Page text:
Joblin History, Family Crest & Coats of Arms
Early Origins of the Joblin family
The surname Joblin was first found in Northumberland where they held a family seat. There is an early instance of a Robert Joplyn, on record as renting lands in S. Northumberland in 1499.
Early History of the Joblin family
This web page shows only a small excerpt of our Joblin research. Another 85 words (6 lines of text) covering the years 1455, 1487, 1652, 1738, and 1742 are included under the topic Early Joblin History in all our PDF Extended History products and printed products wherever possible.
Joblin Spelling Variations
Before the last few hundred years, the English language had no fast system of spelling rules. For that reason, spelling variations are commonly found in early Anglo-Saxon surnames. Over the years, many variations of the name Joblin were recorded, including Joblin, Jobblin, Jopling, Jobling, Joppling, Jopplin, Joplin and many more.
Early Notables of the Joblin family (pre 1700)
More information is included under the topic Early Joblin Notables in all our PDF Extended History products and printed products wherever possible.
To escape oppression and starvation at that time, many English families left for the "open frontiers" of the New World with all its perceived opportunities. In droves people migrated to the many British colonies, those in North America in particular, paying high rates for passages in cramped, unsafe ships. Although many of the settlers did not make the long passage alive, those who did see the shores of North America perceived great opportunities before them. Many of the families that came from England went on to make essential contributions to the emerging nations of Canada and the United States. Research into various historical records revealed some of first members of the Joblin family emigrate to North America:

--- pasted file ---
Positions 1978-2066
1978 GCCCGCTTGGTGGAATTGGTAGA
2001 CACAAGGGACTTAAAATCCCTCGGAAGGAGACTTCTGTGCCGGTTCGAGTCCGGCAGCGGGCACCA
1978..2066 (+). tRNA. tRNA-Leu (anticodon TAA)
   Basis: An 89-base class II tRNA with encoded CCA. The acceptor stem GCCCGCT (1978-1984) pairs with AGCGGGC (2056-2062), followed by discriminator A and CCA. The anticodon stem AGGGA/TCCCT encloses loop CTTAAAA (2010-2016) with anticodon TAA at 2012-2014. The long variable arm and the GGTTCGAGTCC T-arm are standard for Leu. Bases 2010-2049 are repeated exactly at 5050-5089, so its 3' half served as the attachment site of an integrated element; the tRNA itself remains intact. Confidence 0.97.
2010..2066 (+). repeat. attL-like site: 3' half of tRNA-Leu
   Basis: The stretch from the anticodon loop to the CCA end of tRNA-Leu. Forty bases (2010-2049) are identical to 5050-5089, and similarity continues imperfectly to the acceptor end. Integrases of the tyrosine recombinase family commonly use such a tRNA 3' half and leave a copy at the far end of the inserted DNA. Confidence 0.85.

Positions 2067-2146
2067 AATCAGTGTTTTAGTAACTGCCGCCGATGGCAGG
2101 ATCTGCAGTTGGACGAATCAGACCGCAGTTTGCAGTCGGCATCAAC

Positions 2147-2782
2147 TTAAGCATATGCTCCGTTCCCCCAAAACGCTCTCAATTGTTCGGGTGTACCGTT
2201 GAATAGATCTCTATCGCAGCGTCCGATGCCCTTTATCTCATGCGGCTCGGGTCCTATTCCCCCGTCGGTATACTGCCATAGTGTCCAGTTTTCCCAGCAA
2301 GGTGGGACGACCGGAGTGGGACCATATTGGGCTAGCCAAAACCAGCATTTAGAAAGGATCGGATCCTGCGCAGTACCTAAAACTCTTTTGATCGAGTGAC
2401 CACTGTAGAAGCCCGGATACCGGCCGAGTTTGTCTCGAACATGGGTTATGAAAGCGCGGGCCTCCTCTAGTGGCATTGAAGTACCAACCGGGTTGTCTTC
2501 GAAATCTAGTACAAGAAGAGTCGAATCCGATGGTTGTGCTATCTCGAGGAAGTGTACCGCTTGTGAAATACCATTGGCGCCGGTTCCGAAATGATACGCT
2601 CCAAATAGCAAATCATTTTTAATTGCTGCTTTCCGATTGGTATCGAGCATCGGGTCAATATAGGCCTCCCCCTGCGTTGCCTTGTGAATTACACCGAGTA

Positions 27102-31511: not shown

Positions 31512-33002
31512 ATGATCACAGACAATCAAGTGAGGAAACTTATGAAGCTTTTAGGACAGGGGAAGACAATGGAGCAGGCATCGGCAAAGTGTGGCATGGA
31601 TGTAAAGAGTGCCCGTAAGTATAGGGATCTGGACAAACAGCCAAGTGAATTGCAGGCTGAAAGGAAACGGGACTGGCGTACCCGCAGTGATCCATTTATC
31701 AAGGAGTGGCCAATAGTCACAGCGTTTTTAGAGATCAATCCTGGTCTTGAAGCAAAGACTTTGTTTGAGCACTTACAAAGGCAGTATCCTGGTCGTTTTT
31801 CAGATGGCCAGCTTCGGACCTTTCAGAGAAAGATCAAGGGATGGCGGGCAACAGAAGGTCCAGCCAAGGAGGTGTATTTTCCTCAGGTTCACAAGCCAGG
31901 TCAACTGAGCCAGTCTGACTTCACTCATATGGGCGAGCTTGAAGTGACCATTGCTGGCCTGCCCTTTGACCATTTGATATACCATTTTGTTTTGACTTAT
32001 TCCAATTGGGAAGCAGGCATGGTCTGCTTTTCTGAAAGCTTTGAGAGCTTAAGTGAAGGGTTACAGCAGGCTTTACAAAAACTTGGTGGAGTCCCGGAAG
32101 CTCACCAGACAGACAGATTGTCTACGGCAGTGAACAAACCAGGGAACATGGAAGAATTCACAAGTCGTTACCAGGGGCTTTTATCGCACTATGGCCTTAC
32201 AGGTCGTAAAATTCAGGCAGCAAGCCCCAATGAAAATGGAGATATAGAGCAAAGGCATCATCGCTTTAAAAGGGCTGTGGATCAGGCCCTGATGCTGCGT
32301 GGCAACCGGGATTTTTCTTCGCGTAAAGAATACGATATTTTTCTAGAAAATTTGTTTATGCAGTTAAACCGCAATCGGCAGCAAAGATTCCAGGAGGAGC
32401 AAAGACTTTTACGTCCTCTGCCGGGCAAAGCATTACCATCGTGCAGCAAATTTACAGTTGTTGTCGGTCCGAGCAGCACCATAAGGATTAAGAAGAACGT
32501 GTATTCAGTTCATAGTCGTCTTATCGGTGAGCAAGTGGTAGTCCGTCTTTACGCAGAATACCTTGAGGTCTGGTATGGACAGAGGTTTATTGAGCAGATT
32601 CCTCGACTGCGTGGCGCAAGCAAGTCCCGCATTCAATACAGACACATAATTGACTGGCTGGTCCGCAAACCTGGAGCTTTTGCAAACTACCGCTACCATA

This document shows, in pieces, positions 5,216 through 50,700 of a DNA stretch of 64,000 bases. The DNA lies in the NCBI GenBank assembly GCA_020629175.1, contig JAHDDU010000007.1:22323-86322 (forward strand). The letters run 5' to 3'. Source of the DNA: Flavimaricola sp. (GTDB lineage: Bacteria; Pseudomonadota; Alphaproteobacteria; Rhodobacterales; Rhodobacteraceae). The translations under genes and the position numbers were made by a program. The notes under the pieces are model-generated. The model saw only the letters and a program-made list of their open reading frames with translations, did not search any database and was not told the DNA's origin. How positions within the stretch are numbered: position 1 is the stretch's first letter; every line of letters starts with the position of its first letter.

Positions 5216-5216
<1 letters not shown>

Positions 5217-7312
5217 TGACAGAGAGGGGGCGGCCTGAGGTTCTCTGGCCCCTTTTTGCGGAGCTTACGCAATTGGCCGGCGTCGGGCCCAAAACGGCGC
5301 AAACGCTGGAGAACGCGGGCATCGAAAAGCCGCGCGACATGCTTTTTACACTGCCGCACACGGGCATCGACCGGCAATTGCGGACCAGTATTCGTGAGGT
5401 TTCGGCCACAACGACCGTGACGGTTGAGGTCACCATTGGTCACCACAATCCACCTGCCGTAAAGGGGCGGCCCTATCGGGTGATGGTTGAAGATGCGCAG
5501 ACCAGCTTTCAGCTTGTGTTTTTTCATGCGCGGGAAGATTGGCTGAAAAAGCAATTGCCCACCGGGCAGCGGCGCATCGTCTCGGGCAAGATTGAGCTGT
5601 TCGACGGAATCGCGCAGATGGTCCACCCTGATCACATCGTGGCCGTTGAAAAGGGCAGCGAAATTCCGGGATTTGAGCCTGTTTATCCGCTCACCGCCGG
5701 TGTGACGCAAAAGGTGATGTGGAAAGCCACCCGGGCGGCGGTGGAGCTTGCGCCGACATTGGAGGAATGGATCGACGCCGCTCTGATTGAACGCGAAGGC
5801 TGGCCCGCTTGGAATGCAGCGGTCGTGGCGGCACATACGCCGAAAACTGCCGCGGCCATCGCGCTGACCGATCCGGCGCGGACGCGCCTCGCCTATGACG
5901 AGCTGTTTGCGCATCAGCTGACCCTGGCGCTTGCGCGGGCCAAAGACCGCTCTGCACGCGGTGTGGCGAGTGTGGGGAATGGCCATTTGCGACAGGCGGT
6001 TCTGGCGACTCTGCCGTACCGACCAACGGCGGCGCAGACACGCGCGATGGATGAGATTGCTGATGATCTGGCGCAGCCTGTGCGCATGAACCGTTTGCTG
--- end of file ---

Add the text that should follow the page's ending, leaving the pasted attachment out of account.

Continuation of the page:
Joblin Settlers in United States in the 18th Century
Joblin Settlers in United States in the 19th Century
Emigration to New Zealand followed in the footsteps of the European explorers, such as Captain Cook (1769-70): first came sealers, whalers, missionaries, and traders. By 1838, the British New Zealand Company had begun buying land from the Maori tribes, and selling it to settlers, and, after the Treaty of Waitangi in 1840, many British families set out on the arduous six month journey from Britain to Aotearoa to start a new life. Early immigrants include:
Joblin Settlers in New Zealand in the 19th Century